"Somehow I doubt that this is quite how anyone expected Adolf Hitler's death to turn out...." - Squadron Leader Adam Haynes, No. 303 (Polish) Squadron
August 1942. London is in flames. Heinrich Himmler's Germany stands triumphant in the West, its "Most Dangerous Enemy" forced to the peace table by a hailstorm of nerve gas and incendiaries. With Adolf Hitler avenged and portions of the Royal Navy seized as war prizes, Nazi Germany casts its baleful gaze across the Atlantic toward an increasingly isolationist United States. With no casus belli, President Roosevelt must convince his fellow Americans that it is better to deal with a triumphant Germany now than to curse their children with the problem of a united, fascist Europe later.
As Germany and Japan prepare to launch the next phase of the conflict, Fate forces normal men and women to make hard choices in hopes of securing a better future. For Adam Haynes, Londonfall means he must continue an odyssey that began in the skies over Spain. American naval officer Eric Cobb finds that neutrality is a far cry from safety. Finally, Rear Admiral Tamon Yamaguchi must prepare himself and his men to fight a Pacific War that is far different than the surprise attack Imperial Japan had once planned but never executed.
©2014 James Young (P)2015 James Young
I love the fact that they went in a different direction with the war. I thought it was great they kept close to the facts but at least changing the outcome.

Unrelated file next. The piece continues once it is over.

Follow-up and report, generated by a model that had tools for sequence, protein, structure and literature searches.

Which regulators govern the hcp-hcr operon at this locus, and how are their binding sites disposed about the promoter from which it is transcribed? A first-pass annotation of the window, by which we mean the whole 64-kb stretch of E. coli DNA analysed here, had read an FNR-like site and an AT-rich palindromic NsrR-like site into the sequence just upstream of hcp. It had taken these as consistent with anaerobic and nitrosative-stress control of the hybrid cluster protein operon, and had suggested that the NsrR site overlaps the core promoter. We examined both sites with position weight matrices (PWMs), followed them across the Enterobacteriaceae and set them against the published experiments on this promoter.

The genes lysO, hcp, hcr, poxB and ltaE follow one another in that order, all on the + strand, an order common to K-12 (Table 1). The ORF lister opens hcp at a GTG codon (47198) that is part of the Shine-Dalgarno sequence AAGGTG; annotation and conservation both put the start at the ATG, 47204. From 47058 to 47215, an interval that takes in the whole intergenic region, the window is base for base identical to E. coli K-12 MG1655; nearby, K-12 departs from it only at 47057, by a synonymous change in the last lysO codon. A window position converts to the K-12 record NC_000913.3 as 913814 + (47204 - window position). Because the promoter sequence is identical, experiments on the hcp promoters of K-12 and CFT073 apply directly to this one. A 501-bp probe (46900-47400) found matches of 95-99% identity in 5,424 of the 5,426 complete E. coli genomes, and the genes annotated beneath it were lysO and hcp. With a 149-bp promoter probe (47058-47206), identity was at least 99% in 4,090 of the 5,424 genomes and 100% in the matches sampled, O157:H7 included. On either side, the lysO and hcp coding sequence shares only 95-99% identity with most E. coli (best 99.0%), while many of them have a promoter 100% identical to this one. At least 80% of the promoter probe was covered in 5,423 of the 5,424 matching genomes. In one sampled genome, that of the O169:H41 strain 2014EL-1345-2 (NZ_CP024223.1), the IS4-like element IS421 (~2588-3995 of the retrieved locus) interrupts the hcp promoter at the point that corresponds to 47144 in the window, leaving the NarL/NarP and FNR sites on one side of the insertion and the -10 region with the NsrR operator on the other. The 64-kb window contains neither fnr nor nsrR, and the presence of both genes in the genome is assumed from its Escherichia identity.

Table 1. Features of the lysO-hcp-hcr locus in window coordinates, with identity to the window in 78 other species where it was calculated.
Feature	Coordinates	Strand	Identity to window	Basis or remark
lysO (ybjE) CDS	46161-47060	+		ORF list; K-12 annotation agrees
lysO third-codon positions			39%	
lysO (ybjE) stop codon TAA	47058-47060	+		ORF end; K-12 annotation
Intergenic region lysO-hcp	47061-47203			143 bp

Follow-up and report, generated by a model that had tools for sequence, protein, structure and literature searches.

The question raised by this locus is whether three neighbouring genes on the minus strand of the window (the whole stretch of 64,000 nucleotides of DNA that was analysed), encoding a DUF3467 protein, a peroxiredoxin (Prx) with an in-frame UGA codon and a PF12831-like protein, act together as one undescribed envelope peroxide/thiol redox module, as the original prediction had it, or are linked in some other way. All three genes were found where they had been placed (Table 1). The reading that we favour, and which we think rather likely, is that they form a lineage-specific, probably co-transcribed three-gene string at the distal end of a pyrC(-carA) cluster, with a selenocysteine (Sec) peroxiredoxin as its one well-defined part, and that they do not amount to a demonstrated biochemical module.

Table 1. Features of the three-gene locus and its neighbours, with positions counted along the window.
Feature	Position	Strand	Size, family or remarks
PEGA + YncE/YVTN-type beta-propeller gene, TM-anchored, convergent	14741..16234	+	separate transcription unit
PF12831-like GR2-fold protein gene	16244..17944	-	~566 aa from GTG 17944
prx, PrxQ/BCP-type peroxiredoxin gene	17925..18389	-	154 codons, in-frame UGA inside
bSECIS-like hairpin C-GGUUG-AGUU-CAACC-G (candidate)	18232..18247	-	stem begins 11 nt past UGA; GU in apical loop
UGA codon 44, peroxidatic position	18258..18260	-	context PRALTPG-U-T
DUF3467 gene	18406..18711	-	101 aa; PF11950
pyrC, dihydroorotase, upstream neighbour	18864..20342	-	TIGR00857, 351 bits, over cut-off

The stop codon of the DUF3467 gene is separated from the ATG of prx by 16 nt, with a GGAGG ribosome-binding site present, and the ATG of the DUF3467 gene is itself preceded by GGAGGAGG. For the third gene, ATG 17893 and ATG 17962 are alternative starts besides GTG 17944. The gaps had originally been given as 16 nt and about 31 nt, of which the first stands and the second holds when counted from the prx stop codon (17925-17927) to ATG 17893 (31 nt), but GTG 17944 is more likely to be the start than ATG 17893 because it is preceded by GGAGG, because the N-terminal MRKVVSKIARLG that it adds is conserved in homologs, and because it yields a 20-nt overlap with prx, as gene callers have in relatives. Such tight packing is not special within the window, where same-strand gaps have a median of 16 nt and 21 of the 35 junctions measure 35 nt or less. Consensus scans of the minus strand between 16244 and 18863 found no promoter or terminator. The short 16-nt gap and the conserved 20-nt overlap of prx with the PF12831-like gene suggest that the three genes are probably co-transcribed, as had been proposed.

It was OK but there were some minor problems
I would buy the next one in the series but it is not on Audible
He did not have the correct pronunciation of several words. For example: corpse man. Obama did it too, but it doesn't make it right. Also, Cavite, fuselage, and some others. He hurries through some action sequences so rapidly that they are hard to follow. There are several unexplained gaps in the recording.
Yes, because the story moves along.
One more thing: pineapples do not grow on trees
Mr. Young did his research and understands WWII-era fighting. His writing is crisp and intelligent. As alternate history, he doesn’t dwell on the point of departure, letting the action and characters move the story forward and paint the picture of a different world from our own timeline. My only complaint is that he uses too many characters developed too thinly.
The narrator almost ruins the book. His intonation is decent, but his paving is consistently too fast, especially in describing battle scenes. But his unforgivable sin is his dozens of mispronunciations. I might have forgiven “quay” and “corpsman,” but the word for the leading edge of a ship--in a book about the navy? How in the world does he mispronounce “bow”?
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